NASHVILLE, Tenn. >> For Sally Hanneman, church giving has gone high tech.
E-tithing helps donors
forgo the collection plates
The 47-year-old physical therapist used to scramble to write a check as the collection plate approached on Sunday mornings. Not anymore -- now she contributes through an automatic withdrawal from her bank account.
"It just makes life a lot easier," said Hanneman, a member of St. John's Lutheran Church in Nashville.
In an era when an estimated 60 percent of Americans get their paychecks through direct deposit and half of U.S. households pay at least one bill electronically, some religious leaders see "e-tithing" as a logical step.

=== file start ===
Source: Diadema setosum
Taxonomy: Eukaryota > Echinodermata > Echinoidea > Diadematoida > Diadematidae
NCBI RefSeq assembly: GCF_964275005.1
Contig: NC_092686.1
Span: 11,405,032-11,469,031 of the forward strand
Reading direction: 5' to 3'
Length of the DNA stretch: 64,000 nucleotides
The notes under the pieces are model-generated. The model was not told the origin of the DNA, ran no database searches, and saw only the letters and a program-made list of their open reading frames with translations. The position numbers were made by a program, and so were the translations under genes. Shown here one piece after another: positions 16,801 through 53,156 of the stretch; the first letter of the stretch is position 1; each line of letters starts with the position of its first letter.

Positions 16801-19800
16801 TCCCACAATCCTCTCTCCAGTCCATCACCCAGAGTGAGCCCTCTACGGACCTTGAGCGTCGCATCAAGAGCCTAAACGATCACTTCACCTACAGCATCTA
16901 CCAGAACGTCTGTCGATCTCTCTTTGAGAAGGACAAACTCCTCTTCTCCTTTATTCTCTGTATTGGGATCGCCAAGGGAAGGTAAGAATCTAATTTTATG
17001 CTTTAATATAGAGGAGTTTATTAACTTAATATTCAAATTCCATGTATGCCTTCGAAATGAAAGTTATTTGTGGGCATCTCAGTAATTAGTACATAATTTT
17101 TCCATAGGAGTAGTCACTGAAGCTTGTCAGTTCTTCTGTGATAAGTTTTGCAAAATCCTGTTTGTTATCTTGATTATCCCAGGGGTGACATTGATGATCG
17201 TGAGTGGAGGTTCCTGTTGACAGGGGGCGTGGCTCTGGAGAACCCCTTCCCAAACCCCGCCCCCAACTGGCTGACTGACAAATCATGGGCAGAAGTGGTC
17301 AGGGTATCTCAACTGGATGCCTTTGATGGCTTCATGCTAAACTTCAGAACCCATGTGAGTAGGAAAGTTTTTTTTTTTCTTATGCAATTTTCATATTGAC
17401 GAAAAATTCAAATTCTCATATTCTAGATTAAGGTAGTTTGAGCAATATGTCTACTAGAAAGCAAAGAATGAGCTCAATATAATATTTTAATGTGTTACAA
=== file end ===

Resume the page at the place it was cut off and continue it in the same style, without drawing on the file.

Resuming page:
It works like this: Members fill out a form providing a bank or savings account number and the amount they want the church to withdraw weekly, semimonthly or monthly.
"It's just keeping up with what's available at this point and time technologically," said the Rev. Michael Kontogiorgis, assistant chancellor of the Greek Orthodox Archdiocese of America.
Others, who disapprove of e-tithing, say it sells out the idea of consciously making a gift to God.
"It's a way to be out of sight, out of mind," said Jack Wilkerson, the Southern Baptist Convention's vice president for business and finance. "Mainline denominations are using it today because ... they're looking for any way to prop up sagging giving."
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